Vivian Maier: Street Photographer

Happy 2013 everyone! My year has started off very busy, hence the lack of posts, but I hope to get back on the wagon as I have lots of fun new things to share. I'm going to start by sharing the work of photographer Vivian Maier, whose work I was introduced to through a lovely book given to me for Christmas called Vivian Maier: Street photographer by John Maloof.

Maloof stumbled across hundreds of thousands of negatives of Maier's in 2007, which she had apparently "kept secret  for over fifty years". A nanny by trade, she lived in big cities and documented city life, but never showed the images to anyone.  In the past couple of years, though, Vivian's work has become something of a sensation due to the quality of the work, the period it is documenting (primarily 1950s and '60s America), and the incredible number of images. It seems both impossible and romantic that this woman who was not trained as an artist nor a photographer should have such amazing work and also have kept it all to herself.

  Self-portrait  of the artist

You can read more about her story at the links above (or wait for the film Finding Vivian Maier), but I just want to comment on what I find inspiring about her work. First, it appears she was making art for art's sake - not for shows or fame or anything like that. And because she was taking photos only for herself, she seems to have the freedom to choose whatever subject matter she wants and in doing so manages to capture some really intimate and fascinating subjects. For example, she has this picture of a dead horse left in the street. Part of my fascination with this gruesome scene is that it gives a window, albeit a black and white one, into the streets of post-war America, when horses were still commonly used as transportation even in big cities. But I also think the photo says something about the artist (for trained or not, the quality of her photographs confirm that she had both an artist's eye and artistic talent), about the types of things she felt worth documenting. In a way many of her photos of every day occurrences remind me of Norman Rockwell illustrations, but often grittier and less optimistic.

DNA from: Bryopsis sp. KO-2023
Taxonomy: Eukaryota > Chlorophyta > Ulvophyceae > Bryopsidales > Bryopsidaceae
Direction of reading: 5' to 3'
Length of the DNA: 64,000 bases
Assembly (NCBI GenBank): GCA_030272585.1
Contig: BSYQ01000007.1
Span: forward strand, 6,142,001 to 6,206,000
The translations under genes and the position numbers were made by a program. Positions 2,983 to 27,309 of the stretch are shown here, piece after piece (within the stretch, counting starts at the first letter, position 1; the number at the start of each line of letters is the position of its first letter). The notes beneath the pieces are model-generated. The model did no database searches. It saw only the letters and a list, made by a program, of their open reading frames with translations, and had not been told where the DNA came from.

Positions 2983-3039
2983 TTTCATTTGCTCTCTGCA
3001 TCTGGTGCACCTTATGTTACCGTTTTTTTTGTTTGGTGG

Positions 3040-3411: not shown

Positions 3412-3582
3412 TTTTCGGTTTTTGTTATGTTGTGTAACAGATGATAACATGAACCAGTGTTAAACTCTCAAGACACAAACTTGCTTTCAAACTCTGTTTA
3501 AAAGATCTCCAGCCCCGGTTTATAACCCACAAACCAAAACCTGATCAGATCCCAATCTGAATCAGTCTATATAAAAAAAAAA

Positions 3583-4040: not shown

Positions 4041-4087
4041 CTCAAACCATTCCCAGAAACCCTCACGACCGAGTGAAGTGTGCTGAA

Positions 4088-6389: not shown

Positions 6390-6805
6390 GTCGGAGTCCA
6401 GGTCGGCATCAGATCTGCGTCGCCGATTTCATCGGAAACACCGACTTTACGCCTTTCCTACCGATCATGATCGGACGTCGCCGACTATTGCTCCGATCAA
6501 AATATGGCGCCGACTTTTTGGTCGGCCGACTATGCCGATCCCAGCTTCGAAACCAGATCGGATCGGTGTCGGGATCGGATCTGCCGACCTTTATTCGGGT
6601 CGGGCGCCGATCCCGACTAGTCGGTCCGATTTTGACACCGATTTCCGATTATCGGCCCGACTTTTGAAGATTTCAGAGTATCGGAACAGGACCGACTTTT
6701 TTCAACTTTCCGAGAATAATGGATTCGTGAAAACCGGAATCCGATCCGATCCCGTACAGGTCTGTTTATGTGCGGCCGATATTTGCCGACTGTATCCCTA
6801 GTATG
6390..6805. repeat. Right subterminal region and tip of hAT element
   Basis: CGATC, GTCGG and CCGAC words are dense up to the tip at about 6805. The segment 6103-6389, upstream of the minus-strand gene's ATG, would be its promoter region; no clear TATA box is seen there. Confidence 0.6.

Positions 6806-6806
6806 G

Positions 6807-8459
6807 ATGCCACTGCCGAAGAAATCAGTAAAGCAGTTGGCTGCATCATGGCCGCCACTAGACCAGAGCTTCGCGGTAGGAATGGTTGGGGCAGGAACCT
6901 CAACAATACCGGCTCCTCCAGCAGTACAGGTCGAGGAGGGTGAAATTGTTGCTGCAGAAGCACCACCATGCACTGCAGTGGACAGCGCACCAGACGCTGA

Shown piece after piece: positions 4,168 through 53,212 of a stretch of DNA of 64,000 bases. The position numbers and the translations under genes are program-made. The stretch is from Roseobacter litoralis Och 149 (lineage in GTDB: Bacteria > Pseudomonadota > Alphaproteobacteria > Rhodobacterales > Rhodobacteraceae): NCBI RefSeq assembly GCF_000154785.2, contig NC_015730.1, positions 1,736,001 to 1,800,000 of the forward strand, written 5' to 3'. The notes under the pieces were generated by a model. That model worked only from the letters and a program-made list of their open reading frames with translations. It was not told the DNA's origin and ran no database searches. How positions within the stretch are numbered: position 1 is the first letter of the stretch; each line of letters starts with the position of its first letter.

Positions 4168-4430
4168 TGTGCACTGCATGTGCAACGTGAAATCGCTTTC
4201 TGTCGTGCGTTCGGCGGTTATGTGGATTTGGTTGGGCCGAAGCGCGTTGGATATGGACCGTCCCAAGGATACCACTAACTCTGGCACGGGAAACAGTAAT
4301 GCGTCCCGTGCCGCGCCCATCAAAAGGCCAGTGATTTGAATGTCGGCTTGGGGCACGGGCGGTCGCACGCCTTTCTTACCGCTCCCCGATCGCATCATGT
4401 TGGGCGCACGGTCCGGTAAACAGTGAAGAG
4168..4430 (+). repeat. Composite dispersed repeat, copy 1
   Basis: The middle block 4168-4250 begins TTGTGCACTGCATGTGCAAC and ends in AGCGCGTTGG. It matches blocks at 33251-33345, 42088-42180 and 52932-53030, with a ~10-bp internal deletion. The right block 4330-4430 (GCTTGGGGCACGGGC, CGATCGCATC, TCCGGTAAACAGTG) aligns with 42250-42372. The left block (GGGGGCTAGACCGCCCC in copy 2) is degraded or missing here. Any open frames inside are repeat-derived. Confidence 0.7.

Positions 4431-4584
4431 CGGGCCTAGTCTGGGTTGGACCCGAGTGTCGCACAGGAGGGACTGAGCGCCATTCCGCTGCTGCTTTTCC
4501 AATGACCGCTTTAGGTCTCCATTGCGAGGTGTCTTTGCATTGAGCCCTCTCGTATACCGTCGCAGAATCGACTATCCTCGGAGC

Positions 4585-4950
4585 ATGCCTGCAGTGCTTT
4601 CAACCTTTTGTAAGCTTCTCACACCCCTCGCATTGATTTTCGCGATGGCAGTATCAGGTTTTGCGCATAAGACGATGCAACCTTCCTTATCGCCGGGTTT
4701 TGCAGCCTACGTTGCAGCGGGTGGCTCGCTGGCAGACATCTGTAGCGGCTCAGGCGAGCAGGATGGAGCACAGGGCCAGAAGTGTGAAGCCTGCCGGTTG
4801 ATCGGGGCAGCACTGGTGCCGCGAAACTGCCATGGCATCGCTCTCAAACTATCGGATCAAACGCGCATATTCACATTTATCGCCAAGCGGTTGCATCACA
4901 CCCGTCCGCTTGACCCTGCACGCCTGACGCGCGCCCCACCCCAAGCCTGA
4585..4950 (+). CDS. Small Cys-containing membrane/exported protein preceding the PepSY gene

I also really like that even though many of her photos have people in them, none of them are posing. They often seem unaware of her presence -- which is somewhat odd to me considering that cameras were much bigger and more rare than they are today -- except for this lady below, who has such an awesome expression of disgust.

Another reason I identify with her work is that Vivian was a professional nanny, and from my brief stint as a nanny I know that it can be quite a lonely profession with a lot of down time, especially if the child is young. During that time it is easy to get bored, but Vivian seems to have used whatever moments she had to take hundreds of photos of the big cities (New York and Chicago) in which she lived. I wonder if she ever shared her photos with the children in her care?

Lastly, while most of the photos have a person or an animal as the subject, I, of course, love the photos with interesting framing of architecture. I don't know what Vivian felt when she framed this shot, but amidst the interesting shapes and overlapping lines I see the buildings as a stand-in for people or relationships that appear so strong yet can crumble and leave a giant hole. Of course I'm reading into the psyche of someone we will never know, and perhaps that is the thing that strikes me most about Vivian Maier's photographs: that they make me want to have a conversation with them and create a connection with the woman behind the camera.

 

Behind-the-scenes of Jordan Matter's Dancers Among Us

I shared some images from photographer Jordan Matter's "Dancers Among Us" series a couple of months ago.  Now check out this behind-the-scenes live action: http://www.youtube.com/watch?v=tgWfYisRr20